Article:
Results: A total of 568 antibiotics, issued to 389 patients, were reviewed. Penicillins (40.1%), aminoglycosides (24.3%) and combination penicillin-beta-lactam inhibitors (23.3%) were identified as the most frequently prescribed antibiotics for inpatients. Most antibiotics prescribed to inpatients were for complications associated with pre-term birth (66.9%). Combination penicillin-beta-lactam inhibitors (34.7%), penicillins (29.5%) and cephalosporins (29.5%) were the most frequently prescribed antibiotics to outpatients. A correlation was found between the route of administration and the duration of therapy; the intravenous route (63.6%) was preferred over the oral route (36.4%) for administration.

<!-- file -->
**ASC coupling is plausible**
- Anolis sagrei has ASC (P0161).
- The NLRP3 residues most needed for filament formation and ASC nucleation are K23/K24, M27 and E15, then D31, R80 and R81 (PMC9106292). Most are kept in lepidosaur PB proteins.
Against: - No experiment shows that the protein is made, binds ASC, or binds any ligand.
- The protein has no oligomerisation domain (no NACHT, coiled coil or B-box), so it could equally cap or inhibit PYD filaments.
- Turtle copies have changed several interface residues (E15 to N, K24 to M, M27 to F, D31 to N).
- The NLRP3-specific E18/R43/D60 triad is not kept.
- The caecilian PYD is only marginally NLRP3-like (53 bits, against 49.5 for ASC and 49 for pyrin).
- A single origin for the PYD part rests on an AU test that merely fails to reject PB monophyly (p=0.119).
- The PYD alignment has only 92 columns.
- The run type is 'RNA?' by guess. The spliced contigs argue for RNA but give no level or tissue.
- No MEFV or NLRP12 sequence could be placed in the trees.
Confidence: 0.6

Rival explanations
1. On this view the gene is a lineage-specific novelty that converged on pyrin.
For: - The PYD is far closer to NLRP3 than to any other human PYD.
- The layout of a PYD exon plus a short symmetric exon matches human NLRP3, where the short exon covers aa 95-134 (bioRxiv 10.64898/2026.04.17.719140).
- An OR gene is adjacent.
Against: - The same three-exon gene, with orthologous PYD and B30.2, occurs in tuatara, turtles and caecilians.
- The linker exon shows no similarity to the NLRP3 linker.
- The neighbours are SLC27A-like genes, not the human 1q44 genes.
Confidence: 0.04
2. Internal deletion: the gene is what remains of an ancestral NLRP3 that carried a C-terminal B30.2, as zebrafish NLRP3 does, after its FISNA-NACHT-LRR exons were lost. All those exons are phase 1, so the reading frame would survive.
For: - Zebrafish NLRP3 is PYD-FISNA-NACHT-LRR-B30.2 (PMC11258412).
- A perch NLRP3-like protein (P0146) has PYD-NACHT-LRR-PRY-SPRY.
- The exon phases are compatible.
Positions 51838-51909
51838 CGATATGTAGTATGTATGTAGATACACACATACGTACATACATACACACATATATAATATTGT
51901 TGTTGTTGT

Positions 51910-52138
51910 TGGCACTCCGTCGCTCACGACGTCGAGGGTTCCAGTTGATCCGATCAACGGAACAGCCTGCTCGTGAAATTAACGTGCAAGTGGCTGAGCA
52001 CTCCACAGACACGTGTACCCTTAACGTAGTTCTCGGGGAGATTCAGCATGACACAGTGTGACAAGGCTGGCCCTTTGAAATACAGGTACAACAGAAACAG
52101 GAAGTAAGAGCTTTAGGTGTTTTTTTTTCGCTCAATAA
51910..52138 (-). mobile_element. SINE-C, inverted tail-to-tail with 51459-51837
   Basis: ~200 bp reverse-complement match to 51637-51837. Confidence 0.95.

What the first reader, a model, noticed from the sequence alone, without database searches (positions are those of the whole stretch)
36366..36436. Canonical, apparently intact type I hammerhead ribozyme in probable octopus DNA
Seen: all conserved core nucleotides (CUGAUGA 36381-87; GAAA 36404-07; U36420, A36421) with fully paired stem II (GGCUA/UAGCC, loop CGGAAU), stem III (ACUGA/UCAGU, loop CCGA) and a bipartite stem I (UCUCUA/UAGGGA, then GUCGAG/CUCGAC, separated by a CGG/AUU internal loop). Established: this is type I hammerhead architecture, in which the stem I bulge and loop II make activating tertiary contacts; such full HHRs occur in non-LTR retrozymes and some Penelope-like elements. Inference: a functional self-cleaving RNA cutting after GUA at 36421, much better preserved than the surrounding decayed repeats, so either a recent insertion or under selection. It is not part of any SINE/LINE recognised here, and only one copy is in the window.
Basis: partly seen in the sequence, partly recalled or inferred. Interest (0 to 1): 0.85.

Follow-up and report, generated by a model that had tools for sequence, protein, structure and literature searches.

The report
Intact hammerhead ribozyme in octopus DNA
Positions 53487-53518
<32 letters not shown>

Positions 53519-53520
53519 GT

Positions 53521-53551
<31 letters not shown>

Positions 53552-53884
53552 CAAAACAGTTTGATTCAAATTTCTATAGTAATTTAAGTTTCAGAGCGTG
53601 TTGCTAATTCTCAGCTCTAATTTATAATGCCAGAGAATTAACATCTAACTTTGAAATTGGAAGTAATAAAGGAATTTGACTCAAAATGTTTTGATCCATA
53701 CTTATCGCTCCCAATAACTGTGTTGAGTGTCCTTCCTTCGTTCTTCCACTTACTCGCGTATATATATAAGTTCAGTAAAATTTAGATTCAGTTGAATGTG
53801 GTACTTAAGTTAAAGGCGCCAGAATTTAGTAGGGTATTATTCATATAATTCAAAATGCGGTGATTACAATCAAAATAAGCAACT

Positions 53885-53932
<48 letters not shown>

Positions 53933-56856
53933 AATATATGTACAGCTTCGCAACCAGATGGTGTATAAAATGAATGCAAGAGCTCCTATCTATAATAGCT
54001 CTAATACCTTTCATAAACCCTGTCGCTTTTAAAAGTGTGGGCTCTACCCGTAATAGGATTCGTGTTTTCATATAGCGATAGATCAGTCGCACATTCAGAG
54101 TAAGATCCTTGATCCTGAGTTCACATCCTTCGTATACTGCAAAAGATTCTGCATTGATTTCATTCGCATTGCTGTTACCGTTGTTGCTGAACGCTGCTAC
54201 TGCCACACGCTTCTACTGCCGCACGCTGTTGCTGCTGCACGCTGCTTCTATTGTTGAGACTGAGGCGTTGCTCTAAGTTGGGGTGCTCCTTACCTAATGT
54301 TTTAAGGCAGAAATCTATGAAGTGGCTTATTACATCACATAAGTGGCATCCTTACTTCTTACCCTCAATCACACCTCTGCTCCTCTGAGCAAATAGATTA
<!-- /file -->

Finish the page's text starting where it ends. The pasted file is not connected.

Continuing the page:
Conclusion: Many broad-spectrum antibiotics were prescribed, thus increasing the risk of resistance. Antibiotics were being prescribed according to the guidelines; however, there is still a need for therapeutic drug monitoring to ensure the continuation of rational drug use.

Contribution: There was evidence of rational use of antibiotics in the public hospital (KwaZulu-Natal), in keeping with economic and availability factors.

Keywords: antibiotics; paediatrics; neonates; drug safety; rational use; broad spectrum.


Antimicrobials are the most prescribed drug class in the neonatal and paediatric community, where they play an integral role in the treatment of infections (Coon et al. 2017). The World Health Organization (WHO) guidelines recommend the empiric treatment of infections before definitive treatment begins (WHO 2016). Empiric treatment is the treatment of an infection before the causative agent is known and involves the use of broad-spectrum antibiotics, especially in developing countries because of the limited amount of available medical resources (WHO 2016).